A recent case involving a worker seeking compensation from an employer for failure to provide rest breaks has ruled that an award for personal injury can be included in such a claim.
In Grange v Abellio London Ltd the Employment Appeal Tribunal clarified that an employer can be considered to be in breach of Working Time Regulations 1998 (“WTR”) even if a rest break has not actively been refused. The case also ruled that an award for personal injury can be included in rest break compensation, although an award for injury to feelings is excluded.
Under the WTR an employed adult is entitled to a rest break of 20 minutes minimum during a working day of more than six hours.
In this case Mr Grange was employed by Abellio London Ltd as a relief roadside controller. He was responsible for monitoring bus service arrival and departure times and making any schedule adjustments taking into account traffic conditions. Prior to being employed in this role, he had worked for the same company as a bus driver.
His working day as a roadside controller was set at 8.5 hours with an unpaid break of half an hour for lunch. The role was unpredictable, however, and it proved difficult for a half hour lunch break to be taken. This resulted in the working day being reduced in July 2012 to 8 hours with no break.
In July 2014 Mr Grange claimed that being forced to work without a break was having an impact on his health and he submitted a grievance which was rejected by his employer.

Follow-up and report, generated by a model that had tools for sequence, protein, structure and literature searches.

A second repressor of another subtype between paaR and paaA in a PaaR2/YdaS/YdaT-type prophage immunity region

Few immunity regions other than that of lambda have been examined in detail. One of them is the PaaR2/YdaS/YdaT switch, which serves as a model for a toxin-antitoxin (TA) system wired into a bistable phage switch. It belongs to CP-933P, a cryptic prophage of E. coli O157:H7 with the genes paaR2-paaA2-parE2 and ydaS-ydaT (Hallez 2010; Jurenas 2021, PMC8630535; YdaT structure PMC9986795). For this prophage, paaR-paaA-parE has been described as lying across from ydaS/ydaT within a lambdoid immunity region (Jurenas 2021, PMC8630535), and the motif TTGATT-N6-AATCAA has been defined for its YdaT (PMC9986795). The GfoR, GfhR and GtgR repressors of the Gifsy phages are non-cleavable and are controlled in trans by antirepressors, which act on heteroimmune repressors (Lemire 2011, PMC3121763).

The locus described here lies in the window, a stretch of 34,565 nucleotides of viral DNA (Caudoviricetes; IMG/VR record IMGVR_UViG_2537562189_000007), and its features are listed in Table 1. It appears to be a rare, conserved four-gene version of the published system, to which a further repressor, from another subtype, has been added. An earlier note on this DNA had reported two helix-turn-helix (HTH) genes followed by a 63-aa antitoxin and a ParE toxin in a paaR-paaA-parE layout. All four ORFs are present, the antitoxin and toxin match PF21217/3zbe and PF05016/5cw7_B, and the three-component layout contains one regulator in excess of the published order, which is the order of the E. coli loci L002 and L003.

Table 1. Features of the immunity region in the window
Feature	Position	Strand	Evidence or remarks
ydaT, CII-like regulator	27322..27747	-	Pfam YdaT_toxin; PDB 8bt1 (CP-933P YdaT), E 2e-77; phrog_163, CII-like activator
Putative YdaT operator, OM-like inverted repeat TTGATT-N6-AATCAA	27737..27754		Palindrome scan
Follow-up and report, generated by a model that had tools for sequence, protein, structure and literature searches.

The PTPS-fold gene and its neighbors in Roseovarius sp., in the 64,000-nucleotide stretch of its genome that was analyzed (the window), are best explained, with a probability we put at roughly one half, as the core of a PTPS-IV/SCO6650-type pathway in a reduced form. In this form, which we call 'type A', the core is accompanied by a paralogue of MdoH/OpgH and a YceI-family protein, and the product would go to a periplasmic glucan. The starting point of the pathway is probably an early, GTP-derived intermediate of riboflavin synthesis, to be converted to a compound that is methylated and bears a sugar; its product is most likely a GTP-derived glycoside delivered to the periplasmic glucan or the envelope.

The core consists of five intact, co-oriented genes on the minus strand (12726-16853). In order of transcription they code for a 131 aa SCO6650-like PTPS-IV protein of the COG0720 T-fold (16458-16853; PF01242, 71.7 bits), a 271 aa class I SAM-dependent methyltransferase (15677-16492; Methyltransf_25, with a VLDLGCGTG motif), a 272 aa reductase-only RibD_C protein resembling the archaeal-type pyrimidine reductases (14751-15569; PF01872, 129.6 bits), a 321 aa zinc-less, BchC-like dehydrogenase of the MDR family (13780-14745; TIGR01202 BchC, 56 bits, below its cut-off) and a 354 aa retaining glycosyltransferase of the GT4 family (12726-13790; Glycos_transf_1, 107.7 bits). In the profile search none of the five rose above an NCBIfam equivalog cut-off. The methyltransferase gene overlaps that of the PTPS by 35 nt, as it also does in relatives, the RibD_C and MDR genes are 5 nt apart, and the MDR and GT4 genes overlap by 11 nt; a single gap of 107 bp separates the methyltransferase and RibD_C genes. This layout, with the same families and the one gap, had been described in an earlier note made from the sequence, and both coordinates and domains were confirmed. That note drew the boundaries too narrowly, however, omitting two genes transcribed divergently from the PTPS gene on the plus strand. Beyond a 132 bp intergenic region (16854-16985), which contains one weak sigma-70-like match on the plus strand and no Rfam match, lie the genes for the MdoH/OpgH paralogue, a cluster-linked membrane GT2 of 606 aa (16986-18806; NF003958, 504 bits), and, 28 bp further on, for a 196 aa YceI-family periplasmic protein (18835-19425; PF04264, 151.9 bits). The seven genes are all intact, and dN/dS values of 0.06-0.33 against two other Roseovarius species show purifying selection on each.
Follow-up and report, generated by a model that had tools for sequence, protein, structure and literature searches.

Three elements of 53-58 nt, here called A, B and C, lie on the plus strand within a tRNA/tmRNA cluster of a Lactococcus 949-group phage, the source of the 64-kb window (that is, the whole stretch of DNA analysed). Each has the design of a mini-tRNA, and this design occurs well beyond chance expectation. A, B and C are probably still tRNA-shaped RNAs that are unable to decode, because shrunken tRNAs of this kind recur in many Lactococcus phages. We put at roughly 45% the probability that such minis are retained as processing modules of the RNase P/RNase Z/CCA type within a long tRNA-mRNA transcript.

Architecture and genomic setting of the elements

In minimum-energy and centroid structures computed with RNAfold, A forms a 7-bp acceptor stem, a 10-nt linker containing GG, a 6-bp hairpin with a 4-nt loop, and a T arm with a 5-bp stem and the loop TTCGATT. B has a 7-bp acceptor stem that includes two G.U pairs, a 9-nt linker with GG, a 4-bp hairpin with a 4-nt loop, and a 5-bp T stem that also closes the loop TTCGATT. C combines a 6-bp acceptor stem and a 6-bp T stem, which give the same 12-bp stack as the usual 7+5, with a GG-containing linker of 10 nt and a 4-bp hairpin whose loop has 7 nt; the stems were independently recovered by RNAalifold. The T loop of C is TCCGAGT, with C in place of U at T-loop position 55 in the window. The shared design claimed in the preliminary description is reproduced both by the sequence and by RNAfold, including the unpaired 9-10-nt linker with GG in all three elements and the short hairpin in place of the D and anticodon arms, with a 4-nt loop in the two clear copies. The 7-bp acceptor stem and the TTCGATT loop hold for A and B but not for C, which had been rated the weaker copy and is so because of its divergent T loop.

At the Employment Tribunal, Mr Grange claimed that Abellio had acted unlawfully by refusing rest breaks.
The Tribunal initially dismissed Mr Grange’s claim on the basis that refusing a rest break had to be a response to a direct request from the worker for a break. Mr Grange appealed the decision and the EAT ruled that the entitlement to a rest break under the Working Time Directive was something that employers were expected to adhere to and not something that workers had to request. The refusal in this case was a denial of right and did not have to be as a response to a request.
Considering the issue of compensation, the original tribunal found that although there had been no financial loss, Mr Grange had suffered personally from not having rest breaks. He was awarded £750 which Abellio appealed, claiming that compensation was not due for injury to feelings or personal feelings. The EAT upheld the claim that compensation was not payable for injury of feelings but ruled that low value claims such as this should take a “common sense” approach when considering whether a personal injury claim was valid, which did not necessarily require the submission of medical evidence. The EAT said that Mr Grange had given evidence about how a lack of rest breaks had impacted his health and that this was enough to support an award of £750.
This is an important case for employers to be aware of because it clarifies what is expected of them under the WTR. An employer has a responsibility to make sure that employees are able to take rest breaks and that a denial can lead to a claim of compensation. If an employee’s health has suffered because rest and meal breaks were not provided, employers could be liable to pay compensation.
In this case, the financial award was not huge, but a precedent has now been set for personal injury claims in tribunals involving rest break disputes. A more significant health impact could result in a higher compensation award.
Following this case, it is the responsibility of the employer to make sure that employees are able to take rest breaks and allocate their work schedule as such. Failure to do so can be seen as refusal under WTR without the employee needing to actively request a break.